Esti Interview – Amsterdam in Transition


Amsterdam has been growing in phases throughout history again and again. Starting in the 17th century, when the first immigrants came to Amsterdam, about 14 thousand people were living in the city. Nowadays we tend to think it’s quite complicated to grow, when the local population rises by 10,000 or 50,000 inhabitants. “The real question is: How can we make a compact city with facilities in every neighbourhood? Liveability is most important.” To accomplish this, the Municipality of Amsterdam designed the Masterplan.


‘The Amsterdam 2040’ mega project outlines 7 spatial tasks to accommodate the city’s population growth and improve the city’s overall user experience. These are divided under three pillars: densifying, redeveloping and repurposing space. To make this plan a success transition is key and the biggest challenge is to understand what is set in motion. Transition is a combination of retrofitting at high speed, understanding and using what is already there, and constructing things that are flexible in the future.

Baron explains: “Even though the idea is that a city builds buildings that will last at least 300 years, there is no guarantee as to how these spaces will be used in the future. The buildings along the canals transformed over time from warehouses to a residential area, then to hotels, then offices, back to hotels, and then back to residential, only to be taken over by Airbnb.” In this sense the city is a platform on which change is happening every minute of the day.


For the last 400 years, Amsterdam has been an open platform where people work, live, play and share ideas. Today, an extra layer of technology is in place. More and more applications are being added to this platform. These applications can be physical or virtual. “Look at ‘Car to Go’, a mobility application that is combining both physical and virtual components on the platform of the city.” Baron states that we also need to think of housing more and more in terms of an application.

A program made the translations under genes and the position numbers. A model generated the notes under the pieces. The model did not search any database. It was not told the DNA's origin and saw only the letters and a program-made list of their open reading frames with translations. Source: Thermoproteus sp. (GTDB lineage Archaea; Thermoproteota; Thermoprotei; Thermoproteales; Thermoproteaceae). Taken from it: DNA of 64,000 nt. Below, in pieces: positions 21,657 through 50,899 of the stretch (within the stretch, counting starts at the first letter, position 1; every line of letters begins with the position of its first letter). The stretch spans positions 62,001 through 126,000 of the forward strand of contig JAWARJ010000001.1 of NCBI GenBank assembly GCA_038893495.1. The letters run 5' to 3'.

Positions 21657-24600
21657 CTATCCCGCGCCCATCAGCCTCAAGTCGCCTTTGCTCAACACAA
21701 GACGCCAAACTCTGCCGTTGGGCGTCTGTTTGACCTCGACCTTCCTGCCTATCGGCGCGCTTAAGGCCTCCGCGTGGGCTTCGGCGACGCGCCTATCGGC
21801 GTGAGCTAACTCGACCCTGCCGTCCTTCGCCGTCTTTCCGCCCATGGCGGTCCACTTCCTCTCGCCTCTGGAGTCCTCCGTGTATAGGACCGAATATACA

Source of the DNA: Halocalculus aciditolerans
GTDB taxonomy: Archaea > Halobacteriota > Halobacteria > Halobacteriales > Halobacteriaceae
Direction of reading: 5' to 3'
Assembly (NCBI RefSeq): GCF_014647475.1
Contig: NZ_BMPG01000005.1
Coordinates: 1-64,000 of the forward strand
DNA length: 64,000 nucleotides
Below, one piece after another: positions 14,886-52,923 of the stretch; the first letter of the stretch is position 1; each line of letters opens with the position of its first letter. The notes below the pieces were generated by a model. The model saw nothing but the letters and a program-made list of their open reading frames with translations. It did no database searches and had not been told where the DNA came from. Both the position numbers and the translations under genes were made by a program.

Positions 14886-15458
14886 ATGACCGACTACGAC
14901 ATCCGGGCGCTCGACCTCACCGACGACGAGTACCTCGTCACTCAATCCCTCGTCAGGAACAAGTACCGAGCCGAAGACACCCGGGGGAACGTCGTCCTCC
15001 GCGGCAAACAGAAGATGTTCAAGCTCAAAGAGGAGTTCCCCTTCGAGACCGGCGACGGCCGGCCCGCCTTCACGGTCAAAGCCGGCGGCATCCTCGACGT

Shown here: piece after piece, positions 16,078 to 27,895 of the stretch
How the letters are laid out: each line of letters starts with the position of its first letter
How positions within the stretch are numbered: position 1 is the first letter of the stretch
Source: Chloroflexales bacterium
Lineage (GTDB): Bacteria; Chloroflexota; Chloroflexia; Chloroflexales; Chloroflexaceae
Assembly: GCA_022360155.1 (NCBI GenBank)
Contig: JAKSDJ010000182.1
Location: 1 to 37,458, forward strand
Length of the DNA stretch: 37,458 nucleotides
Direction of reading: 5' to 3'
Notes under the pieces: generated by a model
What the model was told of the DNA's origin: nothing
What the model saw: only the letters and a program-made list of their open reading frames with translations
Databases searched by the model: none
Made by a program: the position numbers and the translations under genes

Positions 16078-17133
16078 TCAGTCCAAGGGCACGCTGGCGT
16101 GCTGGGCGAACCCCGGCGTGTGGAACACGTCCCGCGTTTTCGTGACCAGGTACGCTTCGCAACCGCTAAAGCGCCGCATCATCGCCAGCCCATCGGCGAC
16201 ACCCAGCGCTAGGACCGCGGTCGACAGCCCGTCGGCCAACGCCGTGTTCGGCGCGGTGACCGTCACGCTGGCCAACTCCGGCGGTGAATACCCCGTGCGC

When a comparison is made between houses and cars, there is no doubt in mind that the way we live is far behind. “A house is like a Fred Flintstone kind of thing. The door is opened with an iron thing, it is probably cold, the lights need to be switched on and the curtain closed.” Now, in the experience of a car, there is no need for a key anymore. The seat is automatically heated, and the radio switches to your favourite station. “We start pushing updates daily, which in turn will have physical consequences, in this sense buildings will also fully become software.”


As one of the world’s most innovative countries, Holland outpaces the US, the UK, Ireland, Germany and more: “We love that index, because we ranked third.” According to Baron the reason for this culture of innovation can be found in the fact that the Dutch feel insignificant in terms of: “We have never set the agenda of the world and probably never will, so we are perfectly happy to follow what happens in the rest of the world and being pragmatic about it.” Furthermore, the Dutch like the creative destruction that comes with change. “We don’t care about banks falling, we are open to new stuff, and because we are not setting the agenda, we are also not depending on any agenda and believe that start-ups contribute to our success.”


The Amsterdam Metropolitan Area strives to be the best place in Europe for start-ups by developing the best start-up ecosystem. “Let’s begin with what we do and don’t do. We don’t subsidise them like a lot of countries do nowadays. They will be like; come over here and we will give you free workspace and 20,000 euro.” What Amsterdam does is improving the start-up infrastructure.